Structure of Micah 3

Micah 3 appears to be a distinct unit of the prophecy (but see below).  It begins with “And I said,” and chapter 4 begins with a disjunctive “it will come about in the last days” (4:1). Within chapter 3, there is an obvious inclusio between verses 1 and 9.  Both . . . . Continue Reading »

Sermon notes

INTRODUCTION Our understanding of the Spirit’s work is often truncated.  We think the Spirit works “personally” but miss the “political” work of the Spirit.  For Micah, though, the Spirit is a Spirit of justice, power, and political courage. THE TEXT “Hear . . . . Continue Reading »

Triple Guide

In Micah 6:4, Yahweh reminds Judah, “I sent before you Moses, Aaron, and Miriam.” The “send before” reminds us of Yahweh’s promise to send His angel before Israel as they traveled through the wilderness and into the land. Moses, Aaron, and Miriam are human analogues to . . . . Continue Reading »

Violence

“Violence” has been inflated dramatically in recent social and political rhetoric. It can refer to everything from a mugging to a classification system that excludes some marginal group. But there is some biblical ground for seeing violence even where there’s not blood. Micah . . . . Continue Reading »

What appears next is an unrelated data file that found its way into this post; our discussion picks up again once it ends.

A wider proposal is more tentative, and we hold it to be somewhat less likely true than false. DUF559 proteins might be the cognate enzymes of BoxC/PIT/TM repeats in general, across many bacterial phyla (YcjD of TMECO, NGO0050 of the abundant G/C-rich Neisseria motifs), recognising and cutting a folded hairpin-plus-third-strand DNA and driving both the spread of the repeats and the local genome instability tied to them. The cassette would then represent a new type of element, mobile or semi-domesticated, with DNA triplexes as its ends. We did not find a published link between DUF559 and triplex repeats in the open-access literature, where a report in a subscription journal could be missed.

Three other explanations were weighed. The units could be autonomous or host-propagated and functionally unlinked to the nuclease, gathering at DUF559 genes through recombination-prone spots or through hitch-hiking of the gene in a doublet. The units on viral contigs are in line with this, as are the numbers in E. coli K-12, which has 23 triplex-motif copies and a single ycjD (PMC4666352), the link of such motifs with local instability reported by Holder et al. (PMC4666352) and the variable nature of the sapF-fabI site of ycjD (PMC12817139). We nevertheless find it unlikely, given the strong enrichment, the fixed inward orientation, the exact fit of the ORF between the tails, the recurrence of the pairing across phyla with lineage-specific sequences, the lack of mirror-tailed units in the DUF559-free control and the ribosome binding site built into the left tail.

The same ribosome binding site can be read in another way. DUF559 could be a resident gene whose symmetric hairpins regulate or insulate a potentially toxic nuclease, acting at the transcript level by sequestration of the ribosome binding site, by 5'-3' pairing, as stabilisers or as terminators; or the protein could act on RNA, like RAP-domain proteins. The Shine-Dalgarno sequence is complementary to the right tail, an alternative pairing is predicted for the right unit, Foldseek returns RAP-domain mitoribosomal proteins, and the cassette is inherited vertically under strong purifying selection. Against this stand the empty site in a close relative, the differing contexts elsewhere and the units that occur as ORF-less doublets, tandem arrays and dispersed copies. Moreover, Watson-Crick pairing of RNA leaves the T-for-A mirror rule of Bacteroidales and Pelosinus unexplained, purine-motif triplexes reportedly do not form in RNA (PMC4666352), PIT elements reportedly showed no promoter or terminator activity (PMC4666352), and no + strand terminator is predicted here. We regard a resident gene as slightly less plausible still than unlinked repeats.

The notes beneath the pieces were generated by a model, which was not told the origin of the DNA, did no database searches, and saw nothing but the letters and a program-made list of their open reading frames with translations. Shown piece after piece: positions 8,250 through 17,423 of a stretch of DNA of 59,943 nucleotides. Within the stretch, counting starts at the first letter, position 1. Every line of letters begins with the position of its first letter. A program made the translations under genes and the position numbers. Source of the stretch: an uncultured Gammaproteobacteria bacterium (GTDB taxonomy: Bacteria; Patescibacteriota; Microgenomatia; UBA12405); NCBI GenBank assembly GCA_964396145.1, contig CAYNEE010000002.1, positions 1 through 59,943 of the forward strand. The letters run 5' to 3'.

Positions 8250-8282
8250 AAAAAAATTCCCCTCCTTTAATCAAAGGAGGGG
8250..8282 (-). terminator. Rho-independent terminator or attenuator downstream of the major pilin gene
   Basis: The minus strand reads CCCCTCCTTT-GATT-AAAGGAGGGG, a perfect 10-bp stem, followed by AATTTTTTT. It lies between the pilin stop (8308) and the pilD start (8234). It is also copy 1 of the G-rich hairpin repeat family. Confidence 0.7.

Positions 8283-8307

Doing Ahab

Micah condemns the people of Judah for following the ways of Omri and Ahab. We know from Kings that this is precisely what Judah has been doing. Within Micah 6, though, there is a sharp pun. Verse 16 condemns Judah for doing the works of the house of Ahab, while verse 8 commends the right way for . . . . Continue Reading »

Good for Adam

Faced with the indictment from the prophet Micah, Israel asks what it can do to pacify a scarily angry Yahweh. No number of ascensions will do the trick: What Yahweh requires is justice, covenant loyalty, humility (Micah 6:6-8). The famous “Micah Mandate” is addressed to . . . . Continue Reading »

Sermon Outline, First After Epiphany

INTRODUCTION Micah continues his indictment of Israel and Israel’s leaders. But in chapter 6, he gives positive instruction. What God demands is what is good - justice, lovingkindness, and humility (v. 8). THE TEXT “Hear now what the LORD says: ‘Arise, plead your case before the . . . . Continue Reading »

David and Goliath Redux

Sweeney says that “to little to be among the thousands of Judah” (Micah 5:2) means “too young,” and alludes to the “younger son” theme of the Old Testament. This specifically refers to David, the younger son of Jesse. But why “too young to be among the . . . . Continue Reading »